So Pericles returns to Tyre, and Marina grows up in Tarsus. She turns out to be not only to be totally gorgeous, but talented in singing, dancing, needlework, you name it. It turns out that Cleon is married to the wicked-stepmother type, and she thinks that Marina is overshadowing her biological daughter and hires an assassin to bump off Marina. Just as he’s about to do so (ta da!), pirates show up and kidnap the girl. (Shakespeare had a thing for pirates. He pulled a similar stunt in Hamlet. Just as Prince Hamlet was sent off to England to be murdered, the freaking pirates show up and rescue him.)

The pirates, apparently short on cash and seeing that they’ve got a pretty girl on their hands, sell her to a brothel in a town called Mytilene. She’s still a virgin at this point, apparently the pirates were more interested in treasure-style booty than female booty, or maybe they were gay pirates, the text doesn’t say.

Things get pretty steamy now as Shakespeare set the next few scenes in the brothel. But, whenever poor Marina is about to be deflowered, she is so pure, and so virtuous, that she convinces the clients that they should go to church (or at least visit the vestal virgins) instead of having sex with her. She does the same thing with the governor of the region, who not only doesn’t pop her cherry but gives her money for the privilege of not popping her cherry.  Marina uses the cash to buy her way out of the brothel and becomes a music teacher (or something).

Meanwhile, Pericles (remember him?), decides it’s time to pick up Marina and bring her home.  (Why he waited sixteen years to do so is never explained.) When he shows up in Tarsus, Cleon and the evil stepmother tell him that Marina died. Pericles, realizing he’s now lost both a wife and a daughter, vows to never shave or cut his hair and returns to his ship to mope below decks.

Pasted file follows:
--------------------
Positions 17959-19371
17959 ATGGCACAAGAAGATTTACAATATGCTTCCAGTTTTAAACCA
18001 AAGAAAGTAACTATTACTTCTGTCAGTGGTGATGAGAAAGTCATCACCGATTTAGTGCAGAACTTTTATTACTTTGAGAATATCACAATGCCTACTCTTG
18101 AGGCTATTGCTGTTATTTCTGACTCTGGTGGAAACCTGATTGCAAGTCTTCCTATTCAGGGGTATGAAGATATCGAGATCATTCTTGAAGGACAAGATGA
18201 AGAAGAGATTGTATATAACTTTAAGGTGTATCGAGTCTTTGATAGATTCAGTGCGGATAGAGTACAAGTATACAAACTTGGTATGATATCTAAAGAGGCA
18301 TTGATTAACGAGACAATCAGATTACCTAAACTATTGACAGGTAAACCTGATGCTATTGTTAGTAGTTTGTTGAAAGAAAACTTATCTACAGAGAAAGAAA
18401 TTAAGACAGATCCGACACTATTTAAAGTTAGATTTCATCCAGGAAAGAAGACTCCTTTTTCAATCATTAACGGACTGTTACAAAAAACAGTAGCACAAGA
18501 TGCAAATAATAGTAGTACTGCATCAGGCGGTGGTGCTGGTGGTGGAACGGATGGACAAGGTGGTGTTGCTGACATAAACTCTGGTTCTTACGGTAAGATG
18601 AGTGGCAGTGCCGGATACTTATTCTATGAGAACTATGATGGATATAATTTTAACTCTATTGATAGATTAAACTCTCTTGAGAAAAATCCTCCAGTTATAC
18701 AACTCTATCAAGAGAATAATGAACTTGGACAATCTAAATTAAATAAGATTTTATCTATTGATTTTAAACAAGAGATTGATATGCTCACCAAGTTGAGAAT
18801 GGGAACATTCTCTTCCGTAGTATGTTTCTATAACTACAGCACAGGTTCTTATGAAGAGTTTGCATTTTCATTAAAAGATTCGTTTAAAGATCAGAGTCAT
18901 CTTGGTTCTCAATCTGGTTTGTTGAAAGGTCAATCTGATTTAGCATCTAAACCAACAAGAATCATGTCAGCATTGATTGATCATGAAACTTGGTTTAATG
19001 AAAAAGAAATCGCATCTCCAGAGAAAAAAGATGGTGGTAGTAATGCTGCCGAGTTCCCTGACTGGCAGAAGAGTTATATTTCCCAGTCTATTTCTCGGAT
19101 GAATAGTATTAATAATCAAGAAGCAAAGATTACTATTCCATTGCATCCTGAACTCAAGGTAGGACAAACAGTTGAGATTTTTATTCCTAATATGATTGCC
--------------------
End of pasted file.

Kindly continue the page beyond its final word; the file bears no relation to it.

At some point, when the ship just happens to be near Mytilene, the sailors decide that Pericles, who now looks like Robinson Crusoe, needs help and drop into to town for advice.  It just so happens (ta da!) that the governor of Mytilene (who paid Marina not to have sex with him) takes a look at Pericles and says “Hey, I know this babe who can really sing, maybe she’ll bring this guy back to his senses.

Marina shows up and sings. Pericles asks what her name is, they figure out they’re related and everybody is thrilled.  And if that weren’t enough, Pericles faints and the goddess Diana appears to him and says, to go Ephesus and recount your story in my temple.  He does so, and naturally, one of the vestals who overhears the story is Thaisa (remember her?) who says, “Dude, I’m your wife!

Now everybody is really happy and they go back to Mytilene for a big reunion at which point Pericles, who has now been with his daughter for about two days in sixteen years, gives her away again, this time to be married to the governor of Mytilene (who paid Marina not to have sex with him). Shakespeare does not say what Marina thought about being given to the same guy who wanted to screw her in the brothel, but hey, daughters are property, right?

Finally the narrator appears and in one final bit of happy news, tell us, “Oh by the way, the people of Tarsus have found out about Cleon and the evil stepmother and burned them alive in their palace. Hope you liked the show!”


One comment

  1. It’s probably fair to note that, as usual, Shakespeare did not invent this plot. The story is copied directly from another poet from Chaucer’s era, John Gower (though the story itself is much older). In Pericles, Shakespeare uses Gower as the narrator. In the original tale, the hero’s name is Apollonius. It’s not clear why, since Shakespeare is effectively crediting Gower by putting him on stage, the name of the hero has been changed.